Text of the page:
ARTICLE | doi:10.20944/preprints202103.0494.v1
Subject: Earth Sciences, Atmospheric Science Keywords: Landmass expansion; India Coast; Landsat Images
Online: 19 March 2021 (08:56:01 CET)
This study explores the changes in the landmass bounded by the coast of India during 1975-2005 by using on-screen visual interpretation technique (with 100m resolution and 1:50,000 scale) from NASA Landsat Imagery in three different time periods viz. 1975, 1990, and 2005. The result indicated an overall expansion of 130 sq. km area of the landmass that surrounded by the Indian coast during 1975-2005 (74 sq. km during 1975-1990 and 56 sq. km during 1991-2005). These estimations are based on the preliminary analysis and may be estimated more accurately by reducing the scale and using further higher resolution images.
ARTICLE | doi:10.20944/preprints202204.0136.v1
Subject: Medicine & Pharmacology, Oncology & Oncogenics Keywords: cutaneous melanoma; altitude; coast-plain-hill gradient
Online: 14 April 2022 (14:54:11 CEST)
The incidence of cutaneous melanoma has been increasing in the last decades among fair-skinned population. Despite etiology is complex and multifactorial, the exposure to ultraviolet radiation (UVR) is the most consistent modifiable risk factor associated with melanoma. Several factors influence the amount of UVR reaching Eart’s surface. The aim of our study is to explore the association between melanoma and altitude in an area characterized by a mixed geographic morphology, such as in the Veneto region. For this purpose, 2752 melanoma patients, who referred to our attention between 1998 and 2014, were included in this study. For each patient we extracted demographic, histological and clinical-survival data. Head/neck and acral melanoma were more common in patients from the hills and the mountains, while the prevalence of limb and trunk melanoma was higher in patients living in plain and coastal areas. With increase of altitude, the Breslow thickness, ulceration and mitotic rate get worse but no significant difference was observed in overall and disease free-survival. Geographical area of origin of melanoma patients and the “coast-plain-hill gradient” could help to estimate the influence of different sun exposure and to explain the importance of vitamin D level in skin-cancer control.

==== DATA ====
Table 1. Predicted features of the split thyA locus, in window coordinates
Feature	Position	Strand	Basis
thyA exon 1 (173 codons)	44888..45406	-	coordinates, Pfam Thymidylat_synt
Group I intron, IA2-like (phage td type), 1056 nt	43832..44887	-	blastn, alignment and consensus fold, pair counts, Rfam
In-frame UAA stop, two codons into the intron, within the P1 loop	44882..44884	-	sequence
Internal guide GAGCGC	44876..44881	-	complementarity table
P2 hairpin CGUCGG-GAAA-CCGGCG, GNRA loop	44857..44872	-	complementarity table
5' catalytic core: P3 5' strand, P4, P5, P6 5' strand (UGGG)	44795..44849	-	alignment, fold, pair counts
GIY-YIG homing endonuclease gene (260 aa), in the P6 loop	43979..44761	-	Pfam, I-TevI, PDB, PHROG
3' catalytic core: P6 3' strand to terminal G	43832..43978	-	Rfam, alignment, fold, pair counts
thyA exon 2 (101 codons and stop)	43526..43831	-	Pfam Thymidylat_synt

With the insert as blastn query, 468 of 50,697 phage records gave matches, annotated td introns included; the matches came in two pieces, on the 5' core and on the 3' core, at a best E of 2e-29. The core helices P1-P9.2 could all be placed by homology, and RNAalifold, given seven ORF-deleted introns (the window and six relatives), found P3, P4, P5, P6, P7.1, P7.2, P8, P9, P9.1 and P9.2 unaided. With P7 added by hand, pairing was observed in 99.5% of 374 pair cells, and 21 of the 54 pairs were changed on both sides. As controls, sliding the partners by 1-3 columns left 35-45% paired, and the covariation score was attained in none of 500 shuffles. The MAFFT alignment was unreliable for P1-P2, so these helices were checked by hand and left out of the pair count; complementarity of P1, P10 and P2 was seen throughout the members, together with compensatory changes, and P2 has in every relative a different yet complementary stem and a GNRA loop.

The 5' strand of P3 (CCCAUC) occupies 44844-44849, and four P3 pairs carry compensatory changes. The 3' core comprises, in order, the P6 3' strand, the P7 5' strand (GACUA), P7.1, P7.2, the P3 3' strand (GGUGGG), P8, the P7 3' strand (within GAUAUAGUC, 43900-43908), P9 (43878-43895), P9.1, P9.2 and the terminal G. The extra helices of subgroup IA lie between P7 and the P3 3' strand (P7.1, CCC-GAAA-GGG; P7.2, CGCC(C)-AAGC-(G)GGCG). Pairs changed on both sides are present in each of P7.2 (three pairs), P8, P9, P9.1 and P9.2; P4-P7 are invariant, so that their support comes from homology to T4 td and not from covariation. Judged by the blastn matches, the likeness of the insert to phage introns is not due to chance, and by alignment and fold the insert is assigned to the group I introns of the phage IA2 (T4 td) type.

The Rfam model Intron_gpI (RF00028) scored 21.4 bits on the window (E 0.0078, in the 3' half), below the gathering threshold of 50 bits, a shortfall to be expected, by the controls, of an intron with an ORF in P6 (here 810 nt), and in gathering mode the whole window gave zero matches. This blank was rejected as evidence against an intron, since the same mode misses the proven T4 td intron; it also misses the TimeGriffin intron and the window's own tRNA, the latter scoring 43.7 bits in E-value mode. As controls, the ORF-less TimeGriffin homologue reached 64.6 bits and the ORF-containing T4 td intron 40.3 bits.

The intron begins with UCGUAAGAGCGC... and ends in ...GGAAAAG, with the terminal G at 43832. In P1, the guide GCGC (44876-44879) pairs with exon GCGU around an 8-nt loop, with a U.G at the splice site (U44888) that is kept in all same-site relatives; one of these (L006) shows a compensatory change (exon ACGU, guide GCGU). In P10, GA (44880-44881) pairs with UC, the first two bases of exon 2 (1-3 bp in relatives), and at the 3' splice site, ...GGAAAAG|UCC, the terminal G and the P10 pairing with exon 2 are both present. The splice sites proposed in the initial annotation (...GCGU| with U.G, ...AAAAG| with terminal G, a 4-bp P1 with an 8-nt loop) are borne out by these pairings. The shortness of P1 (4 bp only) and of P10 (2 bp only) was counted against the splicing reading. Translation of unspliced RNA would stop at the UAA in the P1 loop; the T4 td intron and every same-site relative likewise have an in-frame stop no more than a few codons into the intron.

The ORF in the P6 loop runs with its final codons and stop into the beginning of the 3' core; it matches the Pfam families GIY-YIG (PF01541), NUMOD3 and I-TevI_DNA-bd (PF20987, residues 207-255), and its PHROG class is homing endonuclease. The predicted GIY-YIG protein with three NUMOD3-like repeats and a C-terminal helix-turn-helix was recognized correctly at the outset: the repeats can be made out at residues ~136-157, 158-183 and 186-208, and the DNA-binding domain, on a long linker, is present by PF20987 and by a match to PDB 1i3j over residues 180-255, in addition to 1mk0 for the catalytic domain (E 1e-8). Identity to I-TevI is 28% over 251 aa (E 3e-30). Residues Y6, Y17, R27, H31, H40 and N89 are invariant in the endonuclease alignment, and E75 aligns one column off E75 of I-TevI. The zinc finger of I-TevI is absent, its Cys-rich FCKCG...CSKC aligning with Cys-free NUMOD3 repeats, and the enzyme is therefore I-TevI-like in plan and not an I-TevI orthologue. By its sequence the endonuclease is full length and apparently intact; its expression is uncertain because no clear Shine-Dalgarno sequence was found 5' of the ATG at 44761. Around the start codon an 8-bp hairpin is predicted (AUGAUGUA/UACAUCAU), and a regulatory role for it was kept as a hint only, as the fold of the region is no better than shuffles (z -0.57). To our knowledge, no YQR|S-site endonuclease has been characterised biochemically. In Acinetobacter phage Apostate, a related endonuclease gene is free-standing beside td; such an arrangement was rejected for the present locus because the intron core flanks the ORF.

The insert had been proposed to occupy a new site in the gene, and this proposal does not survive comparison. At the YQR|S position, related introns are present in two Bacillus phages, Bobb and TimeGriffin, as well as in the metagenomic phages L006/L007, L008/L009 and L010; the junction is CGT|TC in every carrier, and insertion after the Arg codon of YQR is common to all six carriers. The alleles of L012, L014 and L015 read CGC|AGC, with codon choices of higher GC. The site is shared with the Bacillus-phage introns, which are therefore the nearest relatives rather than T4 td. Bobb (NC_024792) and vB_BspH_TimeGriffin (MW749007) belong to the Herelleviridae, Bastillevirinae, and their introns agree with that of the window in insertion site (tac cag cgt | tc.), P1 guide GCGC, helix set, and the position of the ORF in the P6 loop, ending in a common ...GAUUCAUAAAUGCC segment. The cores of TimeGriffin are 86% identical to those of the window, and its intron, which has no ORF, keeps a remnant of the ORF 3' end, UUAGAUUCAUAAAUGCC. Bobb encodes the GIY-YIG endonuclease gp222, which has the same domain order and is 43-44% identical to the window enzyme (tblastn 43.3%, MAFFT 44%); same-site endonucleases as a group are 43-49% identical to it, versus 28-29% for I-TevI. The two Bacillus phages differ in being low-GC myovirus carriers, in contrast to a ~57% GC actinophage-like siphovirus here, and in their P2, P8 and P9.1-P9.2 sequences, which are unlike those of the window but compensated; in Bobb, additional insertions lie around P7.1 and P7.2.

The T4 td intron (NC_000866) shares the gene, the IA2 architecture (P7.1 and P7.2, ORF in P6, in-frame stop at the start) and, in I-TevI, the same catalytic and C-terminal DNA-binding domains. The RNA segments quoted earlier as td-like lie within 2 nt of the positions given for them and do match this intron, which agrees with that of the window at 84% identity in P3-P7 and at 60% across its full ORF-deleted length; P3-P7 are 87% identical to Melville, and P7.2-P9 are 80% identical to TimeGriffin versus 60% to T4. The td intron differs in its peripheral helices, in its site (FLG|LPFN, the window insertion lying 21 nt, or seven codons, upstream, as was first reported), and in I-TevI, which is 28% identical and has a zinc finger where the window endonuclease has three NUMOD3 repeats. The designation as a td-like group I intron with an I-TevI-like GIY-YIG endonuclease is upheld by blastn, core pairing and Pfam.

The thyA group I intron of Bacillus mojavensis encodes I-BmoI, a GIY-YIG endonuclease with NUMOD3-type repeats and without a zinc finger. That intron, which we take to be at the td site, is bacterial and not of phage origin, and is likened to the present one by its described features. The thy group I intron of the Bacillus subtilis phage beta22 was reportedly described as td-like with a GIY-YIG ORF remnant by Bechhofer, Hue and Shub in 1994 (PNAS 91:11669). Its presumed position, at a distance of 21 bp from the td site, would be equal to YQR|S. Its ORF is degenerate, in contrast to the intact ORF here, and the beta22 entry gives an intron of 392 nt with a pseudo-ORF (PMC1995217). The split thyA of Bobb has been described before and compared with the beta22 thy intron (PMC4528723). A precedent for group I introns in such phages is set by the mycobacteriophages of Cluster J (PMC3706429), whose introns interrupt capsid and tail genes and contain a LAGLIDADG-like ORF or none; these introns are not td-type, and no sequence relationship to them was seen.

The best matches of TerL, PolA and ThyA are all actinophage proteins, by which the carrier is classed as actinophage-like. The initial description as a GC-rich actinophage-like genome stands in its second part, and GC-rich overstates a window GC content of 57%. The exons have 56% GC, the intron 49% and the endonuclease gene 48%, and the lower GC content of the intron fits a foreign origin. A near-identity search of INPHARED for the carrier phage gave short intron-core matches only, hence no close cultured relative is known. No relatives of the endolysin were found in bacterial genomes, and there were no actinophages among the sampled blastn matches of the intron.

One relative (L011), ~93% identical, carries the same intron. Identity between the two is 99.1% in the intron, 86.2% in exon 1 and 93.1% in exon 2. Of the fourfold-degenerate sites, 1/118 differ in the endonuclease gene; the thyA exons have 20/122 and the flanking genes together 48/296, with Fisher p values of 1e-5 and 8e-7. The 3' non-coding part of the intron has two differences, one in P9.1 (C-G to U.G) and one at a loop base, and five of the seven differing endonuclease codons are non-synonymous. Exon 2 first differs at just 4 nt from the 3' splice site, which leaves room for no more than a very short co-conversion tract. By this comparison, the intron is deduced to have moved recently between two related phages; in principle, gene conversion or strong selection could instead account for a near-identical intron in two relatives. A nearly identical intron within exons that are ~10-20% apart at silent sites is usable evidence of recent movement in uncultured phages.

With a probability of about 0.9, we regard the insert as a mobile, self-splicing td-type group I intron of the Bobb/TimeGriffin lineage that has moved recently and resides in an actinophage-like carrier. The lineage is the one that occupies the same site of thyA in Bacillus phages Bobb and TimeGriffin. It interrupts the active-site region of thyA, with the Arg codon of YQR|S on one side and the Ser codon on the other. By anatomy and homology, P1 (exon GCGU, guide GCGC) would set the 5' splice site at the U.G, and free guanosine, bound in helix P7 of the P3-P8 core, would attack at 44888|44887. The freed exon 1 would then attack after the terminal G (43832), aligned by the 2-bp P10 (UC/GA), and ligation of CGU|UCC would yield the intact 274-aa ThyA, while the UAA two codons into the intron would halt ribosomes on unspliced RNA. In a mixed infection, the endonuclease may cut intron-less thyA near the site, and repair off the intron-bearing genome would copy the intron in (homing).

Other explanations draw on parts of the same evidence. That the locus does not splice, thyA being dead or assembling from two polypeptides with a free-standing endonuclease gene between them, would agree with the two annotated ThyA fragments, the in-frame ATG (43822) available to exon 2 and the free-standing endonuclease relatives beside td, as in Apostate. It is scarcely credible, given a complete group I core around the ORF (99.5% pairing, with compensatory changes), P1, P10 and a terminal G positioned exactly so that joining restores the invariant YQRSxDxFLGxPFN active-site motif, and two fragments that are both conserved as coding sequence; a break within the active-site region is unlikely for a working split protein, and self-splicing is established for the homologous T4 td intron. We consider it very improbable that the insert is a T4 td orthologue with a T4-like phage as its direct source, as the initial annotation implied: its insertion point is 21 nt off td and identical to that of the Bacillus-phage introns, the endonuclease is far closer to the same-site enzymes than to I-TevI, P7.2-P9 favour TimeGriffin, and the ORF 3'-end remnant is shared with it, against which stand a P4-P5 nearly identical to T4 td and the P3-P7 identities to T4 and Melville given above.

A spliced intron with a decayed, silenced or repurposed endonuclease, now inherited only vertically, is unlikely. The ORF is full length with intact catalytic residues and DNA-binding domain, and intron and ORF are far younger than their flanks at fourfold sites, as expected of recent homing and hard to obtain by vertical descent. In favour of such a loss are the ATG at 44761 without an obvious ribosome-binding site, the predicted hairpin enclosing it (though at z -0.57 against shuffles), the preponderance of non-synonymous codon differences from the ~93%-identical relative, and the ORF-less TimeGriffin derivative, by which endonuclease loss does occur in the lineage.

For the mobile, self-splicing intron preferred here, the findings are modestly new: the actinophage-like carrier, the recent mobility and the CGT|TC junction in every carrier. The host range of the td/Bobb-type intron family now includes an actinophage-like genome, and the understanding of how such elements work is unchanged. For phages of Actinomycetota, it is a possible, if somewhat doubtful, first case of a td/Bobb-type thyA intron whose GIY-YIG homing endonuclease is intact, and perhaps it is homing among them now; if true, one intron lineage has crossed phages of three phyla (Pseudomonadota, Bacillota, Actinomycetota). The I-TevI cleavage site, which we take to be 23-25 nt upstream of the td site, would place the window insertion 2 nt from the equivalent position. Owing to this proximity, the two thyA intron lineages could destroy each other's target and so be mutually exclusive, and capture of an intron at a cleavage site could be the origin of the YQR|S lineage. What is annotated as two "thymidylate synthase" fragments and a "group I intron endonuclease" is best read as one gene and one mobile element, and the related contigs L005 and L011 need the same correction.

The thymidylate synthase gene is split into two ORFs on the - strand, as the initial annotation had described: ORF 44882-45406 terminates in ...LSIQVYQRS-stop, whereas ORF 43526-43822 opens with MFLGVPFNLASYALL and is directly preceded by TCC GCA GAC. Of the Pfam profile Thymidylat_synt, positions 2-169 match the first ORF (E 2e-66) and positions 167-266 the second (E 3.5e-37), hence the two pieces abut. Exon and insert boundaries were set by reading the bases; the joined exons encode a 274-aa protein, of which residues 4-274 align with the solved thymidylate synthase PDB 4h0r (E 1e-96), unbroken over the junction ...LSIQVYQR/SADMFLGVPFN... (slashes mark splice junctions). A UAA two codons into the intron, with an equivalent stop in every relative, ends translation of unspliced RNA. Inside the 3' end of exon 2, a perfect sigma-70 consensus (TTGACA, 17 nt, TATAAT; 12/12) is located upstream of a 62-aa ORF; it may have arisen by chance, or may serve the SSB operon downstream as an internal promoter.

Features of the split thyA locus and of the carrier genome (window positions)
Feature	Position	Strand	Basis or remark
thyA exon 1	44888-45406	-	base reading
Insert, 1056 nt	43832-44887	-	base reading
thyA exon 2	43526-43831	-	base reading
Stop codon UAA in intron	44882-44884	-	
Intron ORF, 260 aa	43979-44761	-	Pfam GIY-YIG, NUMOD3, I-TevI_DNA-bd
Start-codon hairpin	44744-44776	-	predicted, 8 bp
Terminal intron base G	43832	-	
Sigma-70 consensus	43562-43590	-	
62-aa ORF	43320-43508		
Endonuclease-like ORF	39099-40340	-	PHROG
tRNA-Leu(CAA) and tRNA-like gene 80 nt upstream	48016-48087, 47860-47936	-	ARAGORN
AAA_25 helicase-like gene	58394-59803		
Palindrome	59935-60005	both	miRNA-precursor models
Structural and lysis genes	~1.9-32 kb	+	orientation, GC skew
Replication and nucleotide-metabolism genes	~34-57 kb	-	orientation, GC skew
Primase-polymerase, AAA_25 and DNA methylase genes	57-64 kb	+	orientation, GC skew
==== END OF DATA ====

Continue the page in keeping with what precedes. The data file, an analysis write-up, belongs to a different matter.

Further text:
ARTICLE | doi:10.20944/preprints202102.0036.v1
Subject: Earth Sciences, Atmospheric Science Keywords: alkalinity; carbon; coast; Wadden Sea; German Bight
Online: 1 February 2021 (13:52:55 CET)
High alkalinity values on the seaside can influence the exchange of carbon dioxide between seawater and the atmosphere. Still, there are many uncertainties about biogeochemical processes responsible for alkalinity generation in the coastal area. One example of coastal areas with high alkalinity is the German Bight. The German Bight is the south-east part of the North Sea. The literature suggests that high summer alkalinity values in the German Bight result from the exchange of the German Bight with the Wadden Sea (an intertidal zone along Dutch, German, and Danish coasts). We show that the origin of high alkalinity values in the German Bight can be sulfate reduction in sediments of the Wadden Sea and that it can increase alkalinity from March to August up to approximately 220 micromoles per liter. Also, we show that sulfate reduction does not cause any significant year alkalinity flux from the Wadden Sea to the German Bight; instead, nitrogen compounds ( and ) are responsible for it and cause an alkalinity flux about 13 GM a year from the Wadden Sea to the German Bight.